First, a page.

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You are here : > Health > Diseases & Conditions > Newborn jaundice

Newborn jaundice

Alternate Names : Jaundice of the newborn, Neonatal hyperbilirubinemia


Newborn jaundice is a condition marked by high levels of bilirubin in the blood. The increased bilirubin cause the infant's skin and whites of the eyes (sclera) to look yellow.

Overview, Causes, & Risk Factors

Bilirubin is a yellow pigment that's created in the body during the normal recycling of old red blood cells. The liver processes bilirubin in the blood so that it can be removed from the body in the stool.

Before birth, the placenta -- the organ that nourishes the developing baby -- removes the bilirubin from the infant so that it can be processed by the mother's liver. Immediately after birth, the baby's own liver begins to take over the job, but this can take time. Therefore, bilirubin levels in an infant are normally a little higher after birth.

High levels of bilirubin in the body can cause the skin to look yellow. This is called jaundice. Jaundice is present to some degree in most newborns. Such "physiological jaundice" usually appears between day 2 and 3, peaks between days 2 and 4, and clears by 2 weeks. Physiological jaundice usually causes no problems.

Breast milk jaundice is another common, usually non-harmful form of newborn jaundice. Breast milk may contain a substance that increases reuse of bilirubin in the intestines. Such jaundice appears in some healthy, breastfed babies after day 7 of life, and usually peaks during weeks 2 and 3. It may last at low levels for a month or more.

Breastfeeding jaundice is a type of exaggerated physiological jaundice seen in breastfed babies in the first week, especially in those that are not nursing often enough. It is different than breast milk jaundice in that it occurs later and is caused by the milk itself.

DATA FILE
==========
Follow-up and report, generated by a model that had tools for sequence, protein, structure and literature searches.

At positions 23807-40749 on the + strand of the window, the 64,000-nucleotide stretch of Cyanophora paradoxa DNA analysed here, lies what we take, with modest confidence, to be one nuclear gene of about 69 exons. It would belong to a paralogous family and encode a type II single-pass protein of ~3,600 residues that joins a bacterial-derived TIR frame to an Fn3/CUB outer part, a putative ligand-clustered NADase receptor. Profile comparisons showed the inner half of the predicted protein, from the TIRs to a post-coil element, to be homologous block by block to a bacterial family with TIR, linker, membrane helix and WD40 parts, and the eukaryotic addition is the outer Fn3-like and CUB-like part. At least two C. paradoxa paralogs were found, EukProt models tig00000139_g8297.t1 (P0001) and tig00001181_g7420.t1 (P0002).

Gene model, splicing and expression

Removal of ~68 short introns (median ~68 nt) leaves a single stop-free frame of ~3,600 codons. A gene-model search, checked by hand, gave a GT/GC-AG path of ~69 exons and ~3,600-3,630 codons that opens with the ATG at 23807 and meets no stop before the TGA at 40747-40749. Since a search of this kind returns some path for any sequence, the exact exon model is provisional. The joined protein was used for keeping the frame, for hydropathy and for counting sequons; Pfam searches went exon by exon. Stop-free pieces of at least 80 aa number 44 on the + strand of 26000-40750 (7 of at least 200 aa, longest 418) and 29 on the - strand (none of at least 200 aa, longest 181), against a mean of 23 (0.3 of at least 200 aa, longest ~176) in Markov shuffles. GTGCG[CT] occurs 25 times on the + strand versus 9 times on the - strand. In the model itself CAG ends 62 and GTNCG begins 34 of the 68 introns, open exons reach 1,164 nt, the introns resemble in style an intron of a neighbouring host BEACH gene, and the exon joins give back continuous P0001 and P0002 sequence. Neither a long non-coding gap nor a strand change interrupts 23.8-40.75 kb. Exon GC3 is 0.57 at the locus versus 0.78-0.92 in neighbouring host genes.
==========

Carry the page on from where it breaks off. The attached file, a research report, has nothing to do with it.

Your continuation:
Sometimes jaundice can be a sign of a serious underlying problem. Higher levels of bilirubin can be due to:

  • An event or condition that increases the number of red blood cells that needs to be processed
  • Anything that interferes with the body’s ability to process and remove bilirubin

The following increase the number of red blood cells that need to be processed:

  • Abnormal blood cell shapes
  • Blood type incompatibilities
  • Cephalohematoma or other birth injury
  • Glucose-6-phosphate dehydrogenase deficiency
  • High levels of red blood cells (polycythemia)
    • More common in small for gestational age babies
    • More common in some twins
  • Infection
  • Prematurity
  • Pyruvate kinase deficiency
  • Transfusions

The following interfere with the body's ability to process and remove bilirubin:

In otherwise healthy babies born at 35 weeks gestation or greater, those most likely to eventually develop signs of newborn jaundice are those who have:

  • A brother or sister who needed phototherapy for jaundice
  • A high bilirubin level for their age, even if they are not yet jaundiced
  • Been exclusively breastfeed, especially if weight is excessive
  • Blood group incompatibility or other known red blood cell disease
  • Cephalohematoma or significant bruising
  • East Asian ancestry
  • Jaundice in the first 24 hours of life
Pictures & Images

Erythroblastosis fetalis, photomicrograph
Erythroblastosis fetalis, photomicrograph

Jaundice infant
Jaundice infant

Exchange transfusion - series
Exchange transfusion - series

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Review Date : 11/2/2009
Reviewed By : Neil K. Kaneshiro, MD, MHA, Clinical Assistant Professor of Pediatrics, University of Washington School of Medicine. Also reviewed by David Zieve, MD, MHA, Medical Director, A.D.A.M., Inc.

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